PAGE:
In the two weeks since the election, we progressives have flown ourselves into a shitstorm of psychoanalysis, delving into the Democratic mind to try to dissect what went wrong and what we should do about it. Do we wear the safety pin or not? Do we call all Trump voters racists? Can we somehow pull off a nationwide book club discussion about “Hillbilly Elegy?”
We should be regrouping, contacting congressional representatives to oppose Trump’s horrifying cabinet and staff picks, and encouraging every damn voter in Louisiana to support Foster Campbell in his runoff election on Dec. 10. Instead, we are as caught up as ever in our performance as good progressives. And at the center of that performance is our language.
I recently attended a meetup for the organization Showing Up for Racial Justice. The event was informal, a couple dozen folks gathered on a rainy Sunday at Starbucks to talk about what the election results meant for people of color. (It doesn’t get much more Seattle than that.) We discussed a series of thought-provoking questions and talked about what we each could do in response to the election.
One woman in particular–an educated, successful professional–seemed new to these types of conversations but said she was eager to listen and learn. When we talked about “reckoning with white privilege,” she asked how to talk to white people put off by that phrase, people who feel like they haven’t gotten any breaks just because they’re white. Rather than digging into that question, someone cautioned her that her question could be quite “triggering to a person of color.” (SURJ organizes white people working for racial justice, so the group was all white.)
Later someone mentioned the importance of “centering the narratives of marginalized communities,” and I saw the woman roll her eyes. When another person talked about the “traumatizing impacts of systems of oppression,” I think she started wondering what she was going to have for dinner.
It’s not that these ideas aren’t important. They are crucial. But the way we talk about them really sucks sometimes.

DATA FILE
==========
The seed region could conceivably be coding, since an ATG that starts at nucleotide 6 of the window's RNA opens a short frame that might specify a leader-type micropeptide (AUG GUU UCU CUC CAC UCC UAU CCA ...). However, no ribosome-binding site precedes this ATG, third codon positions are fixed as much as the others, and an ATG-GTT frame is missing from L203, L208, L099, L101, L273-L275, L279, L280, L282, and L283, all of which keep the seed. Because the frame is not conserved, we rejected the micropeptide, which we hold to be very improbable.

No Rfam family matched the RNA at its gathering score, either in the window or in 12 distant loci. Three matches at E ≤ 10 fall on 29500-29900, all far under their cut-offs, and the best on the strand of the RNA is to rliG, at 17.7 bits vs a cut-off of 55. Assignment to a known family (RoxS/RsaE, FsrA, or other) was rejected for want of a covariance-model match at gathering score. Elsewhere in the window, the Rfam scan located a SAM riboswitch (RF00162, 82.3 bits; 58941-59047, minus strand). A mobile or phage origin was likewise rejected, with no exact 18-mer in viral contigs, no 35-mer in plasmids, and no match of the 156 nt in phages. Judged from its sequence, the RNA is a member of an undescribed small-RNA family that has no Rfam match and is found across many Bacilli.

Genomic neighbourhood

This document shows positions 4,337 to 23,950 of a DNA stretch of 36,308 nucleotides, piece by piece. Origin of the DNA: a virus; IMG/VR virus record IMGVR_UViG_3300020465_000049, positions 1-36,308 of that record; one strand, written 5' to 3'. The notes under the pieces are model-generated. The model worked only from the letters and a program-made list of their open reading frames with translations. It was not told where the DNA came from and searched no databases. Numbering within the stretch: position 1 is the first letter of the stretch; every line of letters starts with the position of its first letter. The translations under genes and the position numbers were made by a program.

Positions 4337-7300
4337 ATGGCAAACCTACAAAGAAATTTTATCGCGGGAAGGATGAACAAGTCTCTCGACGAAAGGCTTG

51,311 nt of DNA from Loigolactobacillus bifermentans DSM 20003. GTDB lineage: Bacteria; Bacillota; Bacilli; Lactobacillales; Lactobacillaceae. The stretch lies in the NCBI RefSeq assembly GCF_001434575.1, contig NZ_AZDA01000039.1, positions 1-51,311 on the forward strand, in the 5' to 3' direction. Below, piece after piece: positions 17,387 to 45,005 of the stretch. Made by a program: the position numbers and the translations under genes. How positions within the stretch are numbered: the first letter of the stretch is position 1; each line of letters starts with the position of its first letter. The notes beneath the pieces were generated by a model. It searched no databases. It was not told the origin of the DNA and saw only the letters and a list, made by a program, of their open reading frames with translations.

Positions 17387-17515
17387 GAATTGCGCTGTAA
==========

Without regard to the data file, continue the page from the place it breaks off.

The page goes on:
The War of Words
In the past two weeks, we’ve declared that we need to talk to the people in our lives who may not agree with us. But before we can do that, we have to learn to speak a common language again.
The language of liberals has evolved, broadening to be more inclusive, adapting to be more sensitive to the diverse perspectives in our movement. Activists and academics have shaped a specialized vocabulary for talking about complex ideas like white privilege and systemic racism. But in the process, we’ve created a language virtually unrecognizable to many people in our country.
How many other people like the woman I met at Starbucks are out there? She was willing to give up several hours of her weekend to learn more about racial justice, and instead, I suspect, she felt shut down by the conversation and annoyed at our extravagant linguistic performance. I’ve seen the same play out in conversations among friends and family, and online discussions are rife with language policing.
While we’ve focused on winning the war of words, we’ve lost the war of ideas. We’ve lost sight of the message we’re trying to convey with our carefully crafted vocabularies. And we’ve undoubtedly lost potential new supporters who could get behind our ideas but are either too turned off by our jargon to stick around or too worried about sounding uninformed to open their mouths.
The Silencing Power of Political Correctness
My criticism relates primarily to the fact that we fall back on lingo-heavy language that feels meaningless or precocious to newcomers, but that problem cannot be entirely separated from our desire to avoid offense during difficult conversations. Much of the language we have adopted allows us to either talk around conversational landmines (saying “implicit bias” or “systems of oppression” rather than “racism”) or to specifically call out offensive comments or actions (“microagressions” or “triggering language”).